Neptune unveils dummy-screen accessories and plans for first prototype

Simon Tian has been busy since we last talked to him. You remember Simon, he’s the founder of Neptune. This Montreal based company says that other smart watch makers – Samsung and Apple included – are doing it wrong.

Instead of making a smart watch that pairs with a smartphone, Tian is making a wrist computer that powers several “dumb” accessory screens. Since we last talked, Neptune has released its Suite of screens that will work with its Hub device.

There’s the pocket screen – a smartphone sized device. The tab screen – yes, that’s a tablet sized device. And a wireless keyboard to use the tab more like a laptop. There’s also an HDMI dongle that plugs into any monitor or TV screen, and a pair of wireless headphones designed to look like a necklace. The Neptune Hub streams its display to any of these screens via WiGig. It’s a new technology for video streaming that Tian says will result in no latency.

Last time we talked to him, Tian was planning to sell his products on Neptune’s site alone. But crowd funding site Indiegogo reached out and asked to help sell the Suite. Tian says Indiegogo provided free promotional services for the sales campaign. It also helped with defining the perks available at each price point.

As of March 26, the campaign has raised $918,000 on Indiegogo’s site. But that includes the $740,000 that Neptune had previously raised in the sales campaign on its own site.

According to Tian, “it’s hard to say” if the campaign is going better with Indiegogo’s help. But he did raise $100,000 on the first day of launching on the site. He says there was a huge surge in web traffic and interest.

Just about every tech blog on the web has covered Neptune by now. The concept of reversing the relationship between a wearable and a mobile device has got a lot of attention. But it also has its skeptics.

The Verge says Neptune’s goal is “possibly too ambitious.” Android Police said Neptune’s concept “makes no sense.” VentureBeat points out that Tian only brought non-functional prototypes to a demo with press.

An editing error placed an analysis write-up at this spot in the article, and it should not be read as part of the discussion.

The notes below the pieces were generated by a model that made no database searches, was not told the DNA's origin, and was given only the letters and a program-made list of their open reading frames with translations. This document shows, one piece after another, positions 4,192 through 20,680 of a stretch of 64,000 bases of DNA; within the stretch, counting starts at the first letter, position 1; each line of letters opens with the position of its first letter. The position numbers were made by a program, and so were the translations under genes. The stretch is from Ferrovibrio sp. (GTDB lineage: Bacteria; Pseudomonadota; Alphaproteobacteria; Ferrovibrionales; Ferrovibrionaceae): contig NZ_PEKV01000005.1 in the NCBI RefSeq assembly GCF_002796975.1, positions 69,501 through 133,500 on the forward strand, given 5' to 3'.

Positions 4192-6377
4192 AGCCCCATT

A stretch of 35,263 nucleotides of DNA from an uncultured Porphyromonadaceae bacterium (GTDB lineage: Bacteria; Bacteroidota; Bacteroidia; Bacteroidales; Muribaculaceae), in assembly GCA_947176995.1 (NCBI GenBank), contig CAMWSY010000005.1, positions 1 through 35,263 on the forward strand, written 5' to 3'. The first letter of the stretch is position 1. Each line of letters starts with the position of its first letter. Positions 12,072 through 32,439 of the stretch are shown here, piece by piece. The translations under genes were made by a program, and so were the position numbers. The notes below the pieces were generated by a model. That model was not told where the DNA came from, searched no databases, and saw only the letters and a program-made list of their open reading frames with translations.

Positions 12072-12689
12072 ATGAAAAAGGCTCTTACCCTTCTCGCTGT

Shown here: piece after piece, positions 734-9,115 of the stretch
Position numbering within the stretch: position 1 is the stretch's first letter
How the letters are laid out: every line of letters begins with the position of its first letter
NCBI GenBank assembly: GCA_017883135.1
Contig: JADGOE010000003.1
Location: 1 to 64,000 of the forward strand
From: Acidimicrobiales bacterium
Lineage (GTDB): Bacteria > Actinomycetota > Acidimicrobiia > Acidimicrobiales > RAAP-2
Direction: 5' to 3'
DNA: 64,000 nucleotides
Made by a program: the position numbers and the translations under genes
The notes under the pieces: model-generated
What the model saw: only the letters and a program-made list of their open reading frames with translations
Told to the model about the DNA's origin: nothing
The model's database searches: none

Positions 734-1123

Tian recognizes this. He says that while reaction to his concept have been positive, “there have been some concerns on execution and whether the technology is there.” After all, remember this is a 21-year-old that dropped out of school to pursue this hardware startup.

But remember, Neptune did build the Neptune Pine and ship it. So it’s made hardware before. And Tian says he’s achieved proof of concept on the Neptune Suite. Testing the WiGig technology for streaming saw that there was no latency, for example.

Prototypes that look like the product we’ve seen in these rendered images are coming later this summer, Tian says. Since his product is so different, he can’t just build it with off-the-shelf components. Much of it is a custom job. For example, the antennae have to be laser etched on the outer facing.

As for the surprising price point of just $599 for the whole Neptune Suite, Tian says that is the sort of cost savings you get when you don’t need a powerful processor in every screen you want to use.


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Jim Love, Chief Content Officer, IT World Canada

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Brian Jackson
Brian Jackson
Editorial director of IT World Canada. Covering technology as it applies to business users. Multiple COPA award winner and now judge. Paddles a canoe as much as possible.

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